Tribeca Film Festival: New York stories

We take a look at Time Is Illmatic, Summer Of Blood, Gabriel, Five Star and X/Y

by Amber Wilkinson

Rory Culkin in Gabriel
Rory Culkin in Gabriel
In an ever-crowded festival marketplace, there is, perhaps inevitably, an increasing desire on the part of the media to want to label festivals and mark out their 'identity', from the American indies market of Sundance to the red carpet glamour of Cannes - although I'm not convinced that audiences have a burning desire for or need this kind of pigeonholing. This identity phenomenon seems to be particularly acute when it comes to considerations of Tribeca Film Festival, not least because the festival - though I'm sure its programmers would tell you they hold the original Tribeca ethos in mind - has more or less left the physical triangle below Canal Street behind, with the bulk of the films now shown in the Union Square area and Chelsea (although they still hold notable free drive-in screenings of older films and community events there).

Wherever it has taken place in the city, however, the festival has always tried to celebrate local talent and this year is particularly notable for the films that celebrate the cultural diversity of the five boroughs and which tell less familiar tales from the city, rather than getting stuck in the impossibly expensive loft apartments so often showcased in New York films. Opening film Time Is Illmatic is a case in point. Although no doubt 'sold' because of the Nas gig that went alongside it, it was still a brave choice to pick a niche documentary by a debut director for such a lynchpin role. One9 has done a good job with his profile, making clear connections with the environment where Nas grew up and his music and giving a real sense of the Queens of the period.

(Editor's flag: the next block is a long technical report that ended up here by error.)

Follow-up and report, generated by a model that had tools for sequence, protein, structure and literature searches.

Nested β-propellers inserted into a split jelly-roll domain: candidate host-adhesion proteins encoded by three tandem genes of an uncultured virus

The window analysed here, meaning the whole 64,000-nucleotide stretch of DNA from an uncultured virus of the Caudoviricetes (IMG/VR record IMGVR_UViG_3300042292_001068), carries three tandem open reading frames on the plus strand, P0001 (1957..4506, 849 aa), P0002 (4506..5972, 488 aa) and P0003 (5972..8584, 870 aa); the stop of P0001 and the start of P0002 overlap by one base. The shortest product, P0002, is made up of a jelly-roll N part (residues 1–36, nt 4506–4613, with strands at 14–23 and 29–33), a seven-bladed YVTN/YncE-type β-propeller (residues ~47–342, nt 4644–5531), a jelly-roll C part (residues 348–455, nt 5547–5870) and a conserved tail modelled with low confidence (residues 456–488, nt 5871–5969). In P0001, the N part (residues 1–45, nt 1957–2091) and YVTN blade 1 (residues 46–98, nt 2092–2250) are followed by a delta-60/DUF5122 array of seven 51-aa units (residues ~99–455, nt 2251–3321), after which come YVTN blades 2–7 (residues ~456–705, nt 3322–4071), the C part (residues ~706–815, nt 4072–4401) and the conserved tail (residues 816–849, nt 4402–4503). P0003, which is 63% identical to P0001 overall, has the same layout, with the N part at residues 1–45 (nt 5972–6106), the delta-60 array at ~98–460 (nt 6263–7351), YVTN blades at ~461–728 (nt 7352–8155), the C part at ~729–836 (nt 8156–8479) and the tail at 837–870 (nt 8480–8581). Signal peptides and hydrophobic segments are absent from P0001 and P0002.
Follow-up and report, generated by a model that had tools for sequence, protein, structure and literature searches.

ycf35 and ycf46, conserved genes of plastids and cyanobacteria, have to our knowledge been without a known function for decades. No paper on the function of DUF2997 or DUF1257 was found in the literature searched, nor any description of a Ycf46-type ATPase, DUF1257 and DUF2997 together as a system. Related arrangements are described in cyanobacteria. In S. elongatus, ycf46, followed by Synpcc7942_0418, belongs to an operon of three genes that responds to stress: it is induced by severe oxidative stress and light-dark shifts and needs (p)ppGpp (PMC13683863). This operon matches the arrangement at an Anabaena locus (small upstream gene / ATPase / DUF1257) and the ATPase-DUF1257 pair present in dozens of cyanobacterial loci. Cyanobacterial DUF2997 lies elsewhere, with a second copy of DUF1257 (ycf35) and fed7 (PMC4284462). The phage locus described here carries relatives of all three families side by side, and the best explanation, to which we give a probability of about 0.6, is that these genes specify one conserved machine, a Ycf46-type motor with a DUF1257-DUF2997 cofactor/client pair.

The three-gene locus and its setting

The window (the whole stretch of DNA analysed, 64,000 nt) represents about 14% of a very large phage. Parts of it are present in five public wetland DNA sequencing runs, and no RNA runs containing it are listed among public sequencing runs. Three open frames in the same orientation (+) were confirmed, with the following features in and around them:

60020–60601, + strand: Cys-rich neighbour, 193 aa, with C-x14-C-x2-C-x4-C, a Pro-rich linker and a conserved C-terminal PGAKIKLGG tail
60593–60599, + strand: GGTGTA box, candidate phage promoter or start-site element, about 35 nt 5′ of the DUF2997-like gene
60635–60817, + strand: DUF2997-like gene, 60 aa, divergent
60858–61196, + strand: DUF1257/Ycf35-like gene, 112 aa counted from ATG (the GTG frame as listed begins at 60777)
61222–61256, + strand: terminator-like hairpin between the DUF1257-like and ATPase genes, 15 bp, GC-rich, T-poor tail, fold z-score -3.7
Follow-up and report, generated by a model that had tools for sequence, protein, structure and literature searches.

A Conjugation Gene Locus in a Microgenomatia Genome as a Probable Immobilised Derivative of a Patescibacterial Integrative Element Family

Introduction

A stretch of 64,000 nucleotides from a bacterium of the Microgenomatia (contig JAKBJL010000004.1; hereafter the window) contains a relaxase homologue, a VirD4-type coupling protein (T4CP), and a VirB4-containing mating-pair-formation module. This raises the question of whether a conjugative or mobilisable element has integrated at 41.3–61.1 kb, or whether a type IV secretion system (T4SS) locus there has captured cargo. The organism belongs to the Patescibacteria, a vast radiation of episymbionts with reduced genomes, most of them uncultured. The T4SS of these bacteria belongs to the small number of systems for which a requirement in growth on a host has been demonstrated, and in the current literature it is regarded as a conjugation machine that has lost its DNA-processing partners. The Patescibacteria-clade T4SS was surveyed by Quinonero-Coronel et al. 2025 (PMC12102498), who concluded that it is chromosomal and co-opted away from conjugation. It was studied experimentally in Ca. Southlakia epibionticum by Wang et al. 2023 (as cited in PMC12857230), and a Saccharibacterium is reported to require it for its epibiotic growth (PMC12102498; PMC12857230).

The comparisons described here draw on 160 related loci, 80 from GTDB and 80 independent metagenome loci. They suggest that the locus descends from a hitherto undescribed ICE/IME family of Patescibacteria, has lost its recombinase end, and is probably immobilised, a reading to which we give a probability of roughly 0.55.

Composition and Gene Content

Meanwhile, the very similar housing projects on the other side of town in Brooklyn act as the backdrop for Five Star Keith Miller's follow up to Welcome To Pine Hill which, like that film, inhabits the grey area between fact and fiction. James 'Primo' Grant is a member of the Brooklyn Bloods in real life - although no longer involved in illegal activity - and here he plays a gang member with a similar background to his own (his family also appears). We meet him as he takes youngster John (newcomer John Diaz) under his wing after the teenager's absentee dad has been shot dead. Slowly John begins to be immersed in the culture and criminal activity of the gang while, at the same time, Primo begins to harbour doubts.